In the race to develop drugs and vaccines for COVID-19, MilliporeSigma rarely grabs any headlines, but it’s a critical supplier to companies that do.
When you read about a lab working on a treatment for the coronavirus-caused disease, chances are good that it’s using reagents, or substances that cause chemical reactions, made by MilliporeSigma in St. Louis. Many vaccine scientists are using cell lines and culture media — the broth in which cells are grown — developed here in MilliporeSigma labs.
And the coronavirus tests that are being produced and analyzed by the millions? Those depend on a long list of MilliporeSigma products, several of which are made in St. Louis.
One class of products, short stretches of DNA called oligonucleotides, had been such slow sellers that MilliporeSigma considered shutting the line down, Chief Executive Udit Batra said in a video interview.
As the coronavirus pandemic spread, the company got calls from non-customers about oligos, as the product is known. Every maker of the now-common nasal-swab tests, which use a technology known as polymerase chain reaction, needed oligos to detect the presence of COVID-19.
All of a sudden, MilliporeSigma was increasing production instead of shutting the line down
Other coronavirus-related products have been in such demand that the company has had to ration them. “We went to our customers and said, ‘What do you need, when and why?’” Batra recounted. “This is not the type of conversation we would have had in the past.”
Customers with needs related to COVID-19 or other lifesaving work get priority, while others have to wait. “We would go to people with contracted items and say, ‘Sorry, these products are going to go for COVID,’” Batra said. “People understood that we had to reprioritize.”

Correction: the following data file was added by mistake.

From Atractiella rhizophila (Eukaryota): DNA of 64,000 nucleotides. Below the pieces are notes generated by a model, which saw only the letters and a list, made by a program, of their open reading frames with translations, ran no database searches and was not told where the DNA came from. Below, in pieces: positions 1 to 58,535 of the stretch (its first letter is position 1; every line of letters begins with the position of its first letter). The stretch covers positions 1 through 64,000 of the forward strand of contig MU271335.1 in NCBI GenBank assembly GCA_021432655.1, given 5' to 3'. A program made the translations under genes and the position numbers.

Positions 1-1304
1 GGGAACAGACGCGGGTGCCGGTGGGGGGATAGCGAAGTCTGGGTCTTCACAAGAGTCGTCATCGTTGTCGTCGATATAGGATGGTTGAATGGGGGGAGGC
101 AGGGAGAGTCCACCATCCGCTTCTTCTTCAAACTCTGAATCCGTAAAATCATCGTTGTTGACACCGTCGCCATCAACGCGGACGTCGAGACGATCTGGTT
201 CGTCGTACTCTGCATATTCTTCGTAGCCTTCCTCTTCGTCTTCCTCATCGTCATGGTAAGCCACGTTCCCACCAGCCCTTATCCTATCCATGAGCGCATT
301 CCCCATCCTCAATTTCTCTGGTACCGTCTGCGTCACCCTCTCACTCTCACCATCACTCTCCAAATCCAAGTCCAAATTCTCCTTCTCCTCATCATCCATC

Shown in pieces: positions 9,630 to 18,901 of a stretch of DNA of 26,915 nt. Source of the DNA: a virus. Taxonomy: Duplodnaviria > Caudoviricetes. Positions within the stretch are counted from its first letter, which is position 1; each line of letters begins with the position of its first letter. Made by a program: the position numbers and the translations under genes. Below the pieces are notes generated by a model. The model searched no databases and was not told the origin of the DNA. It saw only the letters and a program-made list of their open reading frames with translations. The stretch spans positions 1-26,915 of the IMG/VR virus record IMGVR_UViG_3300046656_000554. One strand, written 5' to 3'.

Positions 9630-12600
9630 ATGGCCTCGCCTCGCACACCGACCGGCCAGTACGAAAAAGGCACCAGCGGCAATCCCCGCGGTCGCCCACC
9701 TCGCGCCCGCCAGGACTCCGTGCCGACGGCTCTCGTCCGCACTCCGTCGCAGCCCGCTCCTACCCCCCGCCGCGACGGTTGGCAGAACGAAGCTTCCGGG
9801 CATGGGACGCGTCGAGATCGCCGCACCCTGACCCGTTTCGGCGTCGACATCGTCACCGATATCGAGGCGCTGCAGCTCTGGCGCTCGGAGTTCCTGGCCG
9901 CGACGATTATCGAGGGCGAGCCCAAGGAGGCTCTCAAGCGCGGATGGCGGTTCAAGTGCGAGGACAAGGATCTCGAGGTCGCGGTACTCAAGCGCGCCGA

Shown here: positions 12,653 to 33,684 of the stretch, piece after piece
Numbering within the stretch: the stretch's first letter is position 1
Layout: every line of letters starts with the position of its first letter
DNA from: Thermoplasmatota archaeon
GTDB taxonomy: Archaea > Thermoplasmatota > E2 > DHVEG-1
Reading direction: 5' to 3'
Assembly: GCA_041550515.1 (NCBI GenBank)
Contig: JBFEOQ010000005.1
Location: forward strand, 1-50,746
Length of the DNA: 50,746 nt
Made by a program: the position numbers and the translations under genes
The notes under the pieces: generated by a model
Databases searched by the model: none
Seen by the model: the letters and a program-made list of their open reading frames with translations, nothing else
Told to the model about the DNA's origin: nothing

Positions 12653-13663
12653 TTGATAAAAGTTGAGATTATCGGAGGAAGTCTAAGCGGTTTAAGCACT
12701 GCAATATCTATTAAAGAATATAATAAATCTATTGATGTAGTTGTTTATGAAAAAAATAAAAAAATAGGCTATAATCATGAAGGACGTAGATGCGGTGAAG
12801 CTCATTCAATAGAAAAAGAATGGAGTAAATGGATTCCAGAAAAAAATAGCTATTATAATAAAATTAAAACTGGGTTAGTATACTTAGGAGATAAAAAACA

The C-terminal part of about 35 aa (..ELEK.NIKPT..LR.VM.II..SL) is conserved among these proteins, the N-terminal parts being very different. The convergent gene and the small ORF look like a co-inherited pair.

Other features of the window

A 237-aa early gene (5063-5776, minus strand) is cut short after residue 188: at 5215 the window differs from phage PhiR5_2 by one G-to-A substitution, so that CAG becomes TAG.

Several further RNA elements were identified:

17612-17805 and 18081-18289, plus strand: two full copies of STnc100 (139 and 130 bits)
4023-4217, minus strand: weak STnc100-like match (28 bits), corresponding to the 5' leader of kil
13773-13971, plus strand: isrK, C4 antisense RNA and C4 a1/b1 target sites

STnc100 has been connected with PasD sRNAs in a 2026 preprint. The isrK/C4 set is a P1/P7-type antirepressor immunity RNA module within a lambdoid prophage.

MilliporeSigma also is increasing capacity where possible. A Massachusetts plant, which makes one of the products being rationed, will be expanded. New equipment will be added in St. Louis.
Employees realize that they’re on the front lines of the fight against the coronavirus, Batra said: “We’re not a spectator in this sport at all.”
Some of the company’s coronavirus-fighting products didn’t exist five years ago, when German parent company Merck KGaA bought Sigma-Aldrich of St. Louis. A few of them were created by combining components made by the old Merck with products from Sigma’s portfolio.
The merger looks successful on several levels, both scientific and financial. MilliporeSigma — the life sciences business of Merck KGaA — reported 9% revenue growth last year, well above the industry average. In the first quarter, revenue grew 5.6% even as many academic research labs closed temporarily.
The St. Louis workforce has grown to 2,200 people from 1,800 under Sigma-Aldrich. Deborah Slagle, the St. Louis site leader, says the company is hiring and expects to keep growing.
Batra can spend several minutes reciting financial metrics, but he’s proudest of the way two strong corporate cultures have melded into one without dulling their innovative edge. The percentage of sales coming from new products has tripled since the merger.
“Our culture is about solving problems, and we focus on solving the toughest problems in life sciences in collaboration with the global scientific community,” Batra said. “When you look at COVID, how tough a problem do you want?”
When somebody, someday, finds a cure for COVID-19 and a vaccine to prevent it, it won’t be a MilliporeSigma scientist getting all the accolades. The company’s employees will be smiling anyway, knowing that the breakthrough wouldn’t have happened without them.
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